For bounded operators $A,B$ on a Hilbert space $\mathbb{H}$ prove that for any $c \geq 0$, $A^*A \leq cB^*B \Leftrightarrow \lVert A \rVert \leq \sqrt{c}\lVert B \rVert$.

This is an exercise from Wolfgang Sherer's book, Mathematics of Quantum Computing. Here $A^*$ denotes the adjoint operator of $A$, $\lVert A \rVert$ denotes the operator norm and for operators $A, B$ the statement $A \leq B$ is defined as $B-A \geq 0$ (i.e for all $|\psi\rangle \in \mathbb{H}$, $\langle \psi | (B-A)\psi\rangle \geq 0$).

My work so far: Using the definitions $A^*A \leq cB^*B$ is equivalent to $\langle \psi | (cB^*B-A^*A)\psi\rangle \geq 0$ for all $|\psi\rangle \in \mathbb{H}$. Expanding the inner product this is equivalent to $\lVert A\psi\rVert \leq \sqrt{c}\lVert B\psi\rVert$. Now taking supremums over all $|\psi\rangle$ with $\lVert \psi \rVert = 1$ we get the $\Rightarrow$ direction.

My question: How can I proceed with the $\Leftarrow$ direction? In the solutions on the back of the book it states that $\lVert A\psi\rVert \leq \sqrt{c}\lVert B\psi\rVert \Leftrightarrow \lVert A \rVert \leq \sqrt{c}\lVert B \rVert$ citing equation $(2.57)$ which is found later in the book and is just the definition of trace of an operator. I don't think that this is correct though.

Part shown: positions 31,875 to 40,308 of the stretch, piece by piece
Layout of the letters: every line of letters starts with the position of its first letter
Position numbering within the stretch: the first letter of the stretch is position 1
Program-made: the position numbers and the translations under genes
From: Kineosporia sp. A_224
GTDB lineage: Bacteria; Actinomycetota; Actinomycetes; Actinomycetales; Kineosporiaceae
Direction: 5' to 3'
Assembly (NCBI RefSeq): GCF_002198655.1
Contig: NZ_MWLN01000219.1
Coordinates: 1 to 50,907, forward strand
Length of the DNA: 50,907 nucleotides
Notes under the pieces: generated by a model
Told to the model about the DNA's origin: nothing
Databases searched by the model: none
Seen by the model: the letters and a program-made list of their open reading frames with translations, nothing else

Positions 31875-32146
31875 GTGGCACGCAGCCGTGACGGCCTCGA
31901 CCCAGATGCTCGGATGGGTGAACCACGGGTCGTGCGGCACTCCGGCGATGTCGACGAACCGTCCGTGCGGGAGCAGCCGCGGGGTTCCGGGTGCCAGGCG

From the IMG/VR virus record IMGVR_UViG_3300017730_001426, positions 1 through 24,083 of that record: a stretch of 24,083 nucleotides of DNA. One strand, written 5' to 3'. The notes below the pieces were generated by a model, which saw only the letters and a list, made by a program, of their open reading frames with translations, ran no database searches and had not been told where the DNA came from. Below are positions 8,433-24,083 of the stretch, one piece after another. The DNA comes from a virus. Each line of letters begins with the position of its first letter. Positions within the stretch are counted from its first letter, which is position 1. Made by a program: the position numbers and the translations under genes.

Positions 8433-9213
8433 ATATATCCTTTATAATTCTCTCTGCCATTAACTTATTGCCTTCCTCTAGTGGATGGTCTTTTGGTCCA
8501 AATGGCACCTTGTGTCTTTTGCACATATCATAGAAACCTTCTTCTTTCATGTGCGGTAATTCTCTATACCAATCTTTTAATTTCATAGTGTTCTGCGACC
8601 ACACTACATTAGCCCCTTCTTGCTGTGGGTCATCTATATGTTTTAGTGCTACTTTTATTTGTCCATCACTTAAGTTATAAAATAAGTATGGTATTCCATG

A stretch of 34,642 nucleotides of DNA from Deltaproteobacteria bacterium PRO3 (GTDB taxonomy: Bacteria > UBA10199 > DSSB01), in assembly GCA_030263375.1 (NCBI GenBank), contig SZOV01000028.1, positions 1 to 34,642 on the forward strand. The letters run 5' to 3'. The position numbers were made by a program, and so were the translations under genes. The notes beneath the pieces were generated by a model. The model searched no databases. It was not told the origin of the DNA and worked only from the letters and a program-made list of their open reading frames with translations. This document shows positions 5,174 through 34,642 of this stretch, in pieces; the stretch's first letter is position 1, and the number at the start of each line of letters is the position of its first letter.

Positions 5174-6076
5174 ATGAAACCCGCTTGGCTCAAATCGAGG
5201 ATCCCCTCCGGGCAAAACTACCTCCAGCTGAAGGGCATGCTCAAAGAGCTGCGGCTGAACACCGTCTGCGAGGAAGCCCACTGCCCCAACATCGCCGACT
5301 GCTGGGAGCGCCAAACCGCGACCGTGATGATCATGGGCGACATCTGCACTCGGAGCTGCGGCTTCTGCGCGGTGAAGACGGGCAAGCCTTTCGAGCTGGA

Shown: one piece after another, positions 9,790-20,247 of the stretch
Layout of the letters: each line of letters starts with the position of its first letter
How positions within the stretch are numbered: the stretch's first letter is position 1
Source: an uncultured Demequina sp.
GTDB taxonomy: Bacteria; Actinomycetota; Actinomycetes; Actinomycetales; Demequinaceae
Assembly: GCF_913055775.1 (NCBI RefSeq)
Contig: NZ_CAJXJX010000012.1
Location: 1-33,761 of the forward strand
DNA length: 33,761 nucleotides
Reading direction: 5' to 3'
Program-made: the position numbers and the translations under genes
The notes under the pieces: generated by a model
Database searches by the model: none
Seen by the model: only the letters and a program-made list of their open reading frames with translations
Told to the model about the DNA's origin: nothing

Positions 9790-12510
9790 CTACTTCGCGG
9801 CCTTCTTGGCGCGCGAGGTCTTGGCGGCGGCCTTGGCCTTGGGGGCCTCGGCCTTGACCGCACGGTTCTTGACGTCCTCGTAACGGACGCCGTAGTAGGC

1 Answer 1


I believe the converse direction is false.

Here is an explicit example. Consider $M_2(\mathbb{C}) = B(\mathbb{C}^2)$ and $$X= \begin{pmatrix}1 & 0\\ 0 & 1\end{pmatrix}, \quad Y = \begin{pmatrix}1 &0 \\ 0 & 0\end{pmatrix}$$

Then $X^*X = X$ and $Y^*Y = Y.$ We have $$\|X\| = \|Y\| = 1$$ so $\|X\| \le \|Y\|.$ However, $$Y-X = \begin{pmatrix}0 & 0 \\ 0 & -1\end{pmatrix}$$ is not a positive matrix, so $X \not\le Y$.

More generally, let $H$ be any Hilbert space and $X,Y$ be distinct orthogonal projections in $B(H)$. Then $\|X\| = \|Y\| = 1$ and $X \not\leq Y$ or $Y \not\le X$ is true, so this yields large families of counterexamples.

  • $\begingroup$ I see now. Thanks! $\endgroup$ Oct 16, 2021 at 12:02
  • $\begingroup$ @GiorgosGiapitzakis You are welcome! $\endgroup$
    – J. De Ro
    Oct 16, 2021 at 12:02

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